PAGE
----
Cascade Lakes Scenic Byway
Length: 66 miles / 106.2 km
Time to Allow: Allow 3 to 5 hours to tour this Byway.
Spend a lazy day driving the Cascade Lakes Scenic Byway in central Oregon. The drive takes about three to five hours to drive 66 miles, depending on your speed. You can enjoy the trail best between June and October as the road closes in parts during the winter.
Start your journey up in the northwest town of Bend and wind your way west toward Deschutes National Forest. Many people spend free time in Bend year-round for a vibrant downtown experience as well as outdoor recreation. Make sure to visit Drake Park for beautiful mountain views before heading toward Deschutes; a rode once used by early explorers. It’s now the perfect picturesque place to fish, raft, kayak, canoe, or even camp with a vast lava flow at the end.
From there, the byway heads due west, climbing up to Mount Bachelor. Stop and see two gorgeous waterfalls, Benham and Dillon. As you keep moving along, you will go through ski resorts and many impressive lakes like the one at Broken Top Mountain, where you can see inside a volcano. Now the byway turns to the south towards High Mountain Playground and the Devils lake with emerald water well worth a stop for an incredible swimming experience.
Keep heading south toward Lava Lake with a marina, camping, and even a charming resort. Choose this spot to stop for a scenic picnic lunch break. Continue south for more lakes along with excellent fishing areas and campsites. Stop in the Crane Prairie Reservoir for giant rainbow trout fishing. Do not pass up the Wickiup Reservoir, now dried up with places to camp around the tree stumps.
What makes this byway, so scenic is the massive quantity of lakes, volcanos, and glacial landscapes. Find sights you will not see anywhere else, including pumice, ash, caves, domes, and so much more. As the trail only takes a few hours, you can make a day of it or even a week, stopping along the way. End your adventure near another lake, the Crescent lake, perfect for a day outdoors.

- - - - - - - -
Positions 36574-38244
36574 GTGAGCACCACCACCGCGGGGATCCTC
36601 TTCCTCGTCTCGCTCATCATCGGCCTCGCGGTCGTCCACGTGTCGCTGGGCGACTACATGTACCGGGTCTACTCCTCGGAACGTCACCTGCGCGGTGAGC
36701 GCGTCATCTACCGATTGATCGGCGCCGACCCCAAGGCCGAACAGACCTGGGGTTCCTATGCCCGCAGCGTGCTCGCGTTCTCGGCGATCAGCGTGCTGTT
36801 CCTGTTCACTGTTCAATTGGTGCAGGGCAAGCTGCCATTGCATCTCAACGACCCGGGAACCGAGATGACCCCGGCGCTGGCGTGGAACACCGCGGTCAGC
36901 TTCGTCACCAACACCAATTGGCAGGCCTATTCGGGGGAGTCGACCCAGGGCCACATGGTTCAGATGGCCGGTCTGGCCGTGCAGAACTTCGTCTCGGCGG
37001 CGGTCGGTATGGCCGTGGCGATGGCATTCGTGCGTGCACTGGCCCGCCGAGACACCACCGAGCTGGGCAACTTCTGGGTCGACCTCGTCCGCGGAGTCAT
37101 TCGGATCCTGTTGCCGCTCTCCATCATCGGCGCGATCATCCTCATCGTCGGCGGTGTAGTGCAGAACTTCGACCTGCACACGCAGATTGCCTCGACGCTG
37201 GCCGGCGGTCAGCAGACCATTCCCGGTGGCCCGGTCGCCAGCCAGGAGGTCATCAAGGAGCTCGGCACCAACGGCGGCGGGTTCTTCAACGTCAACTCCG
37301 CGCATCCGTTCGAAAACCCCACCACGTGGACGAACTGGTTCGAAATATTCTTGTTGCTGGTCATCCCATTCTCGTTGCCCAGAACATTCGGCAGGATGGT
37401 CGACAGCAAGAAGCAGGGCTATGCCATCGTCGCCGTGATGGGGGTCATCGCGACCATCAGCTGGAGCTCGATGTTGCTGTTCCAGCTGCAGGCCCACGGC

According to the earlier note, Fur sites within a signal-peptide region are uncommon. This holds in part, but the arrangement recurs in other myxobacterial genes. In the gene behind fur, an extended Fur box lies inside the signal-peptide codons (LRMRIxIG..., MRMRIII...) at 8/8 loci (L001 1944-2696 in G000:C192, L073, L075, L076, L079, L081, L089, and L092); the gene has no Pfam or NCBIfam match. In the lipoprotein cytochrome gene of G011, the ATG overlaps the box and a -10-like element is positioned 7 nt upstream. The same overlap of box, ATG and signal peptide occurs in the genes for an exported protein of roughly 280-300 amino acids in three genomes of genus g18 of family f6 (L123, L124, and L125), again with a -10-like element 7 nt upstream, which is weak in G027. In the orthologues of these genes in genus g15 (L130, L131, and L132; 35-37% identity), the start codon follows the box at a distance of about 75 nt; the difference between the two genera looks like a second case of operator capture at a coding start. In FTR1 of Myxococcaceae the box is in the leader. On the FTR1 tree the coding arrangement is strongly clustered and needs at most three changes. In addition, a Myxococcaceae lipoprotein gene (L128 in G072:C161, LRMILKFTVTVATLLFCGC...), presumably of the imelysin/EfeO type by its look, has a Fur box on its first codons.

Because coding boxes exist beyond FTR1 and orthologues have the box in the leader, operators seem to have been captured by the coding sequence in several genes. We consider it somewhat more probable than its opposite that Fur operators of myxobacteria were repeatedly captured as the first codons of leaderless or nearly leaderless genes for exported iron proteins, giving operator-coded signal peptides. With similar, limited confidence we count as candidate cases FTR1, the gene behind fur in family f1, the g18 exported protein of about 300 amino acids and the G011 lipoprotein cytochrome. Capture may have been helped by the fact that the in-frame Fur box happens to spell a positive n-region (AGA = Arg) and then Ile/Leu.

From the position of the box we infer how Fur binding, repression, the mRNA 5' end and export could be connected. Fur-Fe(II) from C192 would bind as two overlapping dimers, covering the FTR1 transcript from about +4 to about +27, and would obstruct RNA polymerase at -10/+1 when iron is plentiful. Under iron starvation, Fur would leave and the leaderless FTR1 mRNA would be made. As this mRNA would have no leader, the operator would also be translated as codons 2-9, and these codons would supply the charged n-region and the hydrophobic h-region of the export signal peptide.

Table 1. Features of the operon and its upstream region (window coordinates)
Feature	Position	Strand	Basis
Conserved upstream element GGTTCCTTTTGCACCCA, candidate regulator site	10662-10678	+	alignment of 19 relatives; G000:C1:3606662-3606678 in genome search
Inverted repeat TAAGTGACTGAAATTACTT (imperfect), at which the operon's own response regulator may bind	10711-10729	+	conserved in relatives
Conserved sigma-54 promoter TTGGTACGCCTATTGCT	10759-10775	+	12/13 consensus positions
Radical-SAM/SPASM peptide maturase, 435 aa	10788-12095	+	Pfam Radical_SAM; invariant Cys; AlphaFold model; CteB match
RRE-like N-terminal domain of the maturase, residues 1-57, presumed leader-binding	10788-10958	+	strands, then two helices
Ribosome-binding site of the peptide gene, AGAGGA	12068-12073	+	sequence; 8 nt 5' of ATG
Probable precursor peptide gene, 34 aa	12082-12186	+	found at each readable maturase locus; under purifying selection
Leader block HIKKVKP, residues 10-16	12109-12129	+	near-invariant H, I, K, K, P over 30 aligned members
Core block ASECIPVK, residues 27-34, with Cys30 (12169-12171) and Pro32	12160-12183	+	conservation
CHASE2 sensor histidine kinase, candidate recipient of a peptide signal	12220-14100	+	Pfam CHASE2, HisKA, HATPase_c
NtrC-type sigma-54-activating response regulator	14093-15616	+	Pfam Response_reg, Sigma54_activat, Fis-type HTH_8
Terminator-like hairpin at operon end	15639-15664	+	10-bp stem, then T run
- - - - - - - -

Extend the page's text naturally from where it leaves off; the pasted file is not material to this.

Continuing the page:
While many outdoor enthusiasts will love this byway, so will those with less interest outside the car can still enjoy the epic views. Stop at the historic Elk Lake Guard station for a little history. The station was built in 1929 and served the guard before becoming a visitors center. Another interesting fact is the byway was paved with red volcanic cinders back in the 1950s, making for a unique driving experience.
If you want to get some shopping, check out the factory outlet mall in Bend. Otherwise, this area is known for camping, hiking, fishing, and scenery, not for great restaurants or shopping, so pack a picnic lunch or stop at a resort for a meal.
More Oregon Byways
You can check out additional Byways in Oregon by clicking on the list of byways below, or by going to the Oregon Byways home section. To find even more of scenic byways in the United States, visit our scenic byways map.